Overall, this course was very repetitive. Lots of sandbags, walls, and crawls. There wasn’t much about this race that stood out as unique. However, I will say that I’m very thankful for the race director for allowing us to wait until the second lap to do the dunk wall (we may have completely turned into Spartan-pops)! I am also very thankful that Spartan provided an opportunity for people in the Southeast to participate in an ultra. I am very thankful that I have the opportunity to compete in events like this altogether. I did feel like Spartan made this an ultra at the last moment and did not have their own real plan. I will continue to hope that Spartan works to improve this event in the future!

Spartan Race Ultra and Trifecta Weekend Kimberley BC

Spartan Race is famous for heart pumping ascents and joint-snapping down-hill scrambles, but this time they may have pushed it a little too far at their new venue in Kimberley BC.

 

Excitement was in the air on the first day of the Spartan Race Trifecta weekend in Kimberley BC. The first race of the weekend was on Friday night, the Sprint. Although I wasn’t racing the Sprint, my husband and I went to watch our fellow Spartans, partake in the camaraderie, and cheer on friends. After watching the elite men and women take over an hour to finish the Sprint, I knew that the Ultra was going to take all day – what I didn’t know at that time was how rough it was going to be.

There was plenty of rumble room in the starting corral for the Ultra the next morning – 124 people in total started the race across all three heats – elite, age group, and open.

The start of the course shot into the woods for a brief scramble up and downhill before returning to the festival area to show off a thru-wall, the A-frame cargo, and the Hercules Hoist. After waving a final goodbye to the spectators, the course made its way uphill and out of site. Shortly into the climb was the Rig – which was entirely made of rings at varying heights, this proved to be quite difficult for many.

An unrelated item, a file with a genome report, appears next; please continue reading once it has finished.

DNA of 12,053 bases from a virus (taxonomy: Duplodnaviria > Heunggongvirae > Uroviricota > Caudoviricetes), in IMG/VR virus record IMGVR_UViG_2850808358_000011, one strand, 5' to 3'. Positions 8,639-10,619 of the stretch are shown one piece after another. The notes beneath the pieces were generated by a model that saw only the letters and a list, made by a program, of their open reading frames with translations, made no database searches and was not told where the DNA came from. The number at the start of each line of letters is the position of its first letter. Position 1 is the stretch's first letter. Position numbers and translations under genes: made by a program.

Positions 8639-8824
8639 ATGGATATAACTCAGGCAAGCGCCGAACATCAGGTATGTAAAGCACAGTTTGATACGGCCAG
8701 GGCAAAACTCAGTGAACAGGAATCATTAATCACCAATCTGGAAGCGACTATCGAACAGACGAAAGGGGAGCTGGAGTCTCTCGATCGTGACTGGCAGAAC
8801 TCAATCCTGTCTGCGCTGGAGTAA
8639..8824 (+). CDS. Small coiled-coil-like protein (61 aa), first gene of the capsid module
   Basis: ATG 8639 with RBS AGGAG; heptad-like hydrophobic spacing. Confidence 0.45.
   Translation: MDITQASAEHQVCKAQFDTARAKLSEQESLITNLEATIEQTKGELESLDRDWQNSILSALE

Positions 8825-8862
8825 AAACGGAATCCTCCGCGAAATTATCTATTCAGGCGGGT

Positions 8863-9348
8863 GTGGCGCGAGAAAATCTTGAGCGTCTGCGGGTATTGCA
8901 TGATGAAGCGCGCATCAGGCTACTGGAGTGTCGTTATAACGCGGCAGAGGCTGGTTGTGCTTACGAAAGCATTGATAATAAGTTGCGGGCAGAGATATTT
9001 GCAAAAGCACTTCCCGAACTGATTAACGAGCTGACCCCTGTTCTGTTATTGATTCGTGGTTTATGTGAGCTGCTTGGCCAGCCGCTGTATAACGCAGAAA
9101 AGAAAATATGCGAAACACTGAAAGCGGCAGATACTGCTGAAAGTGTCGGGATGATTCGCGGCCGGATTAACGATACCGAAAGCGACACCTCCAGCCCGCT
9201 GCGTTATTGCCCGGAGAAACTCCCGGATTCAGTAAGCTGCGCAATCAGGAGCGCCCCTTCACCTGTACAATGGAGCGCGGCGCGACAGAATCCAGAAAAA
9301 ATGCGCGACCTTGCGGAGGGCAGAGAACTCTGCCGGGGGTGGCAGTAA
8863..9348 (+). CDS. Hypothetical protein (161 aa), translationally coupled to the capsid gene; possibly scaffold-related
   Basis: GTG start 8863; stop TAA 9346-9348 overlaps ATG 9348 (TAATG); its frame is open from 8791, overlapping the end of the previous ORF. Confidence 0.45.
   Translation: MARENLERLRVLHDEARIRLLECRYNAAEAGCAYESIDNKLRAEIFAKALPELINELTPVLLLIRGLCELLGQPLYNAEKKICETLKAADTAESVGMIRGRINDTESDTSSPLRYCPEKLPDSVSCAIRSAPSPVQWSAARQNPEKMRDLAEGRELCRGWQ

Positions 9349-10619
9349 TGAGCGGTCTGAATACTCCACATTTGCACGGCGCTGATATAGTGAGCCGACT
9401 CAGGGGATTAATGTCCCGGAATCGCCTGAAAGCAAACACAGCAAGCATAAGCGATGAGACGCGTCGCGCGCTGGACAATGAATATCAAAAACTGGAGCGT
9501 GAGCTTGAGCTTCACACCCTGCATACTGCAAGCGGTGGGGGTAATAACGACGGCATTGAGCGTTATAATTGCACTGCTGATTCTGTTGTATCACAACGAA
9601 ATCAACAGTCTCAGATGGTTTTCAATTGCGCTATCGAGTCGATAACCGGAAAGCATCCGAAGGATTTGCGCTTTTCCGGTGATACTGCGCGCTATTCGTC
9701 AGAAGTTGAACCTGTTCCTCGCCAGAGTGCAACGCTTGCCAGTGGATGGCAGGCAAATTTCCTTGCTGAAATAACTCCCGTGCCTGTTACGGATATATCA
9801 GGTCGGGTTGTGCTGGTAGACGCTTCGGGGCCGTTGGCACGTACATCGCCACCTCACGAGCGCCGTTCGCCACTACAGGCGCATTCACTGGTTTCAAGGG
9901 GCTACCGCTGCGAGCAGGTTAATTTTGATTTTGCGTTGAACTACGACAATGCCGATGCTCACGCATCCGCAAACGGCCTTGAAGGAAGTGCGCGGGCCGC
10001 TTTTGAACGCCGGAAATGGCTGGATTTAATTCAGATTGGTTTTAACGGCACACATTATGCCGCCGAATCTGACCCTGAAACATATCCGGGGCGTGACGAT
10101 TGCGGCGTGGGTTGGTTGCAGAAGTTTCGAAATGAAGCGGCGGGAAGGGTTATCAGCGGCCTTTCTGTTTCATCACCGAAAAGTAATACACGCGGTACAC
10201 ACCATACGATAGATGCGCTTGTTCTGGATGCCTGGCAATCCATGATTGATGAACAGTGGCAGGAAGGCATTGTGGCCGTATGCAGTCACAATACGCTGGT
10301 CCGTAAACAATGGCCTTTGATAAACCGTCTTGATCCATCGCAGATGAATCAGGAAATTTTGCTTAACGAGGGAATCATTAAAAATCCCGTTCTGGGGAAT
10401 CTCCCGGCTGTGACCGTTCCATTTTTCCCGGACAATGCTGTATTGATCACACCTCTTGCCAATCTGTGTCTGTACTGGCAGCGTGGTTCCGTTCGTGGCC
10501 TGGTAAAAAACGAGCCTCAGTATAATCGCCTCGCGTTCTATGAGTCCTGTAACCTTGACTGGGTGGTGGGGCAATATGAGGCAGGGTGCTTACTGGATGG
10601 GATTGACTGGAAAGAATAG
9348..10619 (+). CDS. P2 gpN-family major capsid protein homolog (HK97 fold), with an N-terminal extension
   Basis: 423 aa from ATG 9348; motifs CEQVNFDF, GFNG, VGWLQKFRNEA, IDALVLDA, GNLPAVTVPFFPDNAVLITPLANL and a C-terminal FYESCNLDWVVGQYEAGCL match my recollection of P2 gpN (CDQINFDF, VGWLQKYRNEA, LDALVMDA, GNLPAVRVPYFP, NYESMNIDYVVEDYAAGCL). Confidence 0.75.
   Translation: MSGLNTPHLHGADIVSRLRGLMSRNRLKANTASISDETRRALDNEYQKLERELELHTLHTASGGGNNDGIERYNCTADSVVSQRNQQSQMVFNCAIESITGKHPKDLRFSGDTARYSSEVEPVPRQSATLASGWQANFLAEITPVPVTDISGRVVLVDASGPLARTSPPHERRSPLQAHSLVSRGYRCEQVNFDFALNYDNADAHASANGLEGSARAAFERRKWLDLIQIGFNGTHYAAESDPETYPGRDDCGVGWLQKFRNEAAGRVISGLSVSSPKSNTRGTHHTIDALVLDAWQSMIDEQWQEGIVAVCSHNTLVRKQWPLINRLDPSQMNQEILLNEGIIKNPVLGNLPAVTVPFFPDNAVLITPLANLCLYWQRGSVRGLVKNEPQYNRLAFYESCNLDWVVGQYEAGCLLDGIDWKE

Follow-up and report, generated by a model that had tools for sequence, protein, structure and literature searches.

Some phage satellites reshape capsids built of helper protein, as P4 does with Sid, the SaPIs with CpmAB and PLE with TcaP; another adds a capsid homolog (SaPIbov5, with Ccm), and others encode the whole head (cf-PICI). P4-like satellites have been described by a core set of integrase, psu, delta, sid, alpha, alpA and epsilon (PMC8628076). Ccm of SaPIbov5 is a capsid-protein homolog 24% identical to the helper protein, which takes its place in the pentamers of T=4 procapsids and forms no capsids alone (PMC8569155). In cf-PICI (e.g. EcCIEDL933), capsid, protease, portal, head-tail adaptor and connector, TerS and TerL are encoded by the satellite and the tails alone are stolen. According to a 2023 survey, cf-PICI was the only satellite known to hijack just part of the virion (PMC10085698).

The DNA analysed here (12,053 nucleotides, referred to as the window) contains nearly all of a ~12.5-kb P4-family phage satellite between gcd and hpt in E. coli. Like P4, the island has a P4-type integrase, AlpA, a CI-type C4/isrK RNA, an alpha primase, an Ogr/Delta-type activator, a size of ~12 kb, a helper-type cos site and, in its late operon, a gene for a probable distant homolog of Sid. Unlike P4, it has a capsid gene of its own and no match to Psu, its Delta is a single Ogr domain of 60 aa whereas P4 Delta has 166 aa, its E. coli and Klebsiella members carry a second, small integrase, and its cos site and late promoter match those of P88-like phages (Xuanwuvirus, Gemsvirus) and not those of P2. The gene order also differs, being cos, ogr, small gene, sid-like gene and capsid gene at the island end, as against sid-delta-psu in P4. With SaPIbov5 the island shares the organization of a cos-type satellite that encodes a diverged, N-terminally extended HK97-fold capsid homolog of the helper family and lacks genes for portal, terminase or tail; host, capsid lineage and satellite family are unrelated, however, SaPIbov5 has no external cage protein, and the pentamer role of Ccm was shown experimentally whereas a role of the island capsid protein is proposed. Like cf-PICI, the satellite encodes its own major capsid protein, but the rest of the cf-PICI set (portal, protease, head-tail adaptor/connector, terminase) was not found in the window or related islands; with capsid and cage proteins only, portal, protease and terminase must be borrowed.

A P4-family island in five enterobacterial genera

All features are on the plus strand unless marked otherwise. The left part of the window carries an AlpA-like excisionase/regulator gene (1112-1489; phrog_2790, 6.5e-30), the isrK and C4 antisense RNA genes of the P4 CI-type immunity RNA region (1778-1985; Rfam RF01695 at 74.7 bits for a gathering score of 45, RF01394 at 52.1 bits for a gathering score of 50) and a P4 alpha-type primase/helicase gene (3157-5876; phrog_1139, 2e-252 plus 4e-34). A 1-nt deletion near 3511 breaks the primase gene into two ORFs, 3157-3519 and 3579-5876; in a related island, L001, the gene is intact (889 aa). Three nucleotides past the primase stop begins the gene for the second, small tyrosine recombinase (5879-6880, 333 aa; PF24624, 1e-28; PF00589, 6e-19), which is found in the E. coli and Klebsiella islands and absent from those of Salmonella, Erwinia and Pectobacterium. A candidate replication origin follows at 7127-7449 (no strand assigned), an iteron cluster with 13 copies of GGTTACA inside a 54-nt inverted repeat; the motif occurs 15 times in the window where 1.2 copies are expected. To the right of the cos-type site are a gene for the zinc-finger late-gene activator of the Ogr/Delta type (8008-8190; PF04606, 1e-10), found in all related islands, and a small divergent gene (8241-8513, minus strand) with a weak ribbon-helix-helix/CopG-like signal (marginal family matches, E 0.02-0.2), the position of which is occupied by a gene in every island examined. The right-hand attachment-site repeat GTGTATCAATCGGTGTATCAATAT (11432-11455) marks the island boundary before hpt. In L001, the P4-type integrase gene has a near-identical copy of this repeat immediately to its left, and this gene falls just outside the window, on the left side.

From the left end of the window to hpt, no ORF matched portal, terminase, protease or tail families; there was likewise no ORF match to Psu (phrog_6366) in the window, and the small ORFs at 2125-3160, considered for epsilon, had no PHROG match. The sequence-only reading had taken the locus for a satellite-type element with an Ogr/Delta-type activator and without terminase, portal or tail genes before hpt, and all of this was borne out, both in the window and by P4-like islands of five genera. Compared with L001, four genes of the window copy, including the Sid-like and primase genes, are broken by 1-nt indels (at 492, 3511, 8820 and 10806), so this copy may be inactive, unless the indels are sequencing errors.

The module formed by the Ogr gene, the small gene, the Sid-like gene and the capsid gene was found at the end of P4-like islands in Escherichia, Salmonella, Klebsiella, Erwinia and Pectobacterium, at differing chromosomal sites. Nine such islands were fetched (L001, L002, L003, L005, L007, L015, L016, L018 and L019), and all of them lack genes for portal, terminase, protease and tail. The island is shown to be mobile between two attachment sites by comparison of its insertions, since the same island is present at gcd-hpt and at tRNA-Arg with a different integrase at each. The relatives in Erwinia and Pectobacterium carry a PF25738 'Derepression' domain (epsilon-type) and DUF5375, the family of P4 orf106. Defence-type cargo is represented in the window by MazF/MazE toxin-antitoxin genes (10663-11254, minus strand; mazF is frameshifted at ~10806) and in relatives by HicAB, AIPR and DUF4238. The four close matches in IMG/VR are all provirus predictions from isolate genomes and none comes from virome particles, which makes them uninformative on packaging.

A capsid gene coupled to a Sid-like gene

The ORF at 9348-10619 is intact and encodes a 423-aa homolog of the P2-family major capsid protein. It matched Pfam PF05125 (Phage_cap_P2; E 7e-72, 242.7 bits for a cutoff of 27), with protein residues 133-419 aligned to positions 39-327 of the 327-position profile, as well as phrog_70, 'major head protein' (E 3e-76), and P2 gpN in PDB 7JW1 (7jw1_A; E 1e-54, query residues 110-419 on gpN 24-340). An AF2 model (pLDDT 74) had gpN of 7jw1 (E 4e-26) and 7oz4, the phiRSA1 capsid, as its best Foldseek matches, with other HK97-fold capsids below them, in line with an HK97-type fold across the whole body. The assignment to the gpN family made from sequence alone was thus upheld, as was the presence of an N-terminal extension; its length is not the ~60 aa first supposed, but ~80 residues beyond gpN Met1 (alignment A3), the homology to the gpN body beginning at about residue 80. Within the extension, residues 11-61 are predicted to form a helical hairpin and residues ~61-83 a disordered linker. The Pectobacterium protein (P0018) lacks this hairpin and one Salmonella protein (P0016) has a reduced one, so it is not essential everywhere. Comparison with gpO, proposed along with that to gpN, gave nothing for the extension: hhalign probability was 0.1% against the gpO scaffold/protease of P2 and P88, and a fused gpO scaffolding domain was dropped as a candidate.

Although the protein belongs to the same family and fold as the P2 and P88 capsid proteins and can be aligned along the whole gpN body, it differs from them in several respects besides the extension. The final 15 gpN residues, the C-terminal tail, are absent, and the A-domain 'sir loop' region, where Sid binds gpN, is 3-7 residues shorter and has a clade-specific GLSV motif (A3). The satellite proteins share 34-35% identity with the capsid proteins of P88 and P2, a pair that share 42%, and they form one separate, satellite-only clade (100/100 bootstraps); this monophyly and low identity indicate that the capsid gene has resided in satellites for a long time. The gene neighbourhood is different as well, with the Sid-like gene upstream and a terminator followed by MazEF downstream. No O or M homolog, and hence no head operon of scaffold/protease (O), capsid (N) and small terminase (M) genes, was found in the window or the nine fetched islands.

Most of the Kimberley BC Beast and Ultra Beast was either a steep incline or a steep decline that made obstacle placement difficult. Some obstacles did not even make an appearance at this race. Including Twister (due to a deal with platinum rig in Canada), mud mounds, or any type of water obstacle for that matter, and Bender.

After the Rig was the first climb to the top of the mountain and along that climb was a 6ft wall and sandbag carry and inverted wall. At the top of the mountain was the rope climb and then our legs were given a chance to get loose on the first and most runnable downhill in the entire course. This section was probably my favorite because it was a gradual mountain biking downhill with banked turns that allowed us to get our feet moving with some real pace.

The second hill was brutal; at some points, it was hands and feet climbing and it had me seriously questioning whether or not I would be able to complete the second lap of the Ultra. There was a lot of groaning and swearing to happen at this point in the race and it got worse as we summited and realized that log carry was at the base of the hill and that the descent was so steep and full of cut-off low-lying bushes that made it practically impossible to run down. This was beyond frustrating for someone who loves downhill running as much as I do. After quickly completing the log carry, we found ourselves running even further down the mountain. At the bottom, we reached the Tyrolean Traverse and a water station and then immediately headed back up a scramble section of hill to a filler obstacle, the Log Drag.

There were another descent and a flattish running section before the Beasts’ and the Ultras’ courses split. Ultras continued to run until we encountered an uphill barbed wire crawl at the base of ascent #3. This ascent was truly a soul-crusher (especially on lap 2) and the worst part was, there was no water station at the top. We reached the top and immediately turned back down the hill until we hit the second log carry and met back up with the Beast’s course for yet another ascent and final summit of the mountain. At the top was a long over-due water station, 8ft wall, and a volunteer excitedly yelling, “You’re only a mile from the real summit!” …

Luckily that mile turned out to be relatively flat running along the ridgeline and not just another mile long ascent.

At the official summit was Stairway to Sparta and another water station before the long and well deserved downhill to the finish… I mean… halfway point.

After Z-walls and Olympus, we reached a new obstacle, “Wrecked.” This obstacle was built with the idea that racers would throw a sand bag 8ft in the air over a wooden board and the bag would slide back to the racers via a slanted wall BUT the obstacle was unapproved by the Higher-Ups in the world of Spartan Corporate and Jonny Waite changed the obstacle on race day. Instead, racers completed “Wrecked” by doing a “Clean and Press” 5 times.

Next up was the 7ft wall, Tractor Pull, Plate Drag and then Monkey Bars. Right after Monkey Bar,s the course crested the hill to the festival area and we rolled down through barbed wire. Hopefully, you weren’t too dizzy after the barbed wire because Spear Throw was immediately after you stood up and every one was there to watch! Bucket Carry was next, but it was a pretty short little hill, and then we made the final descent to the Slip Wall and Fire Jump. Ultras however did not go over Slip Wall; instead we branched to the left to hit the transition station before going back out on course for the second lap.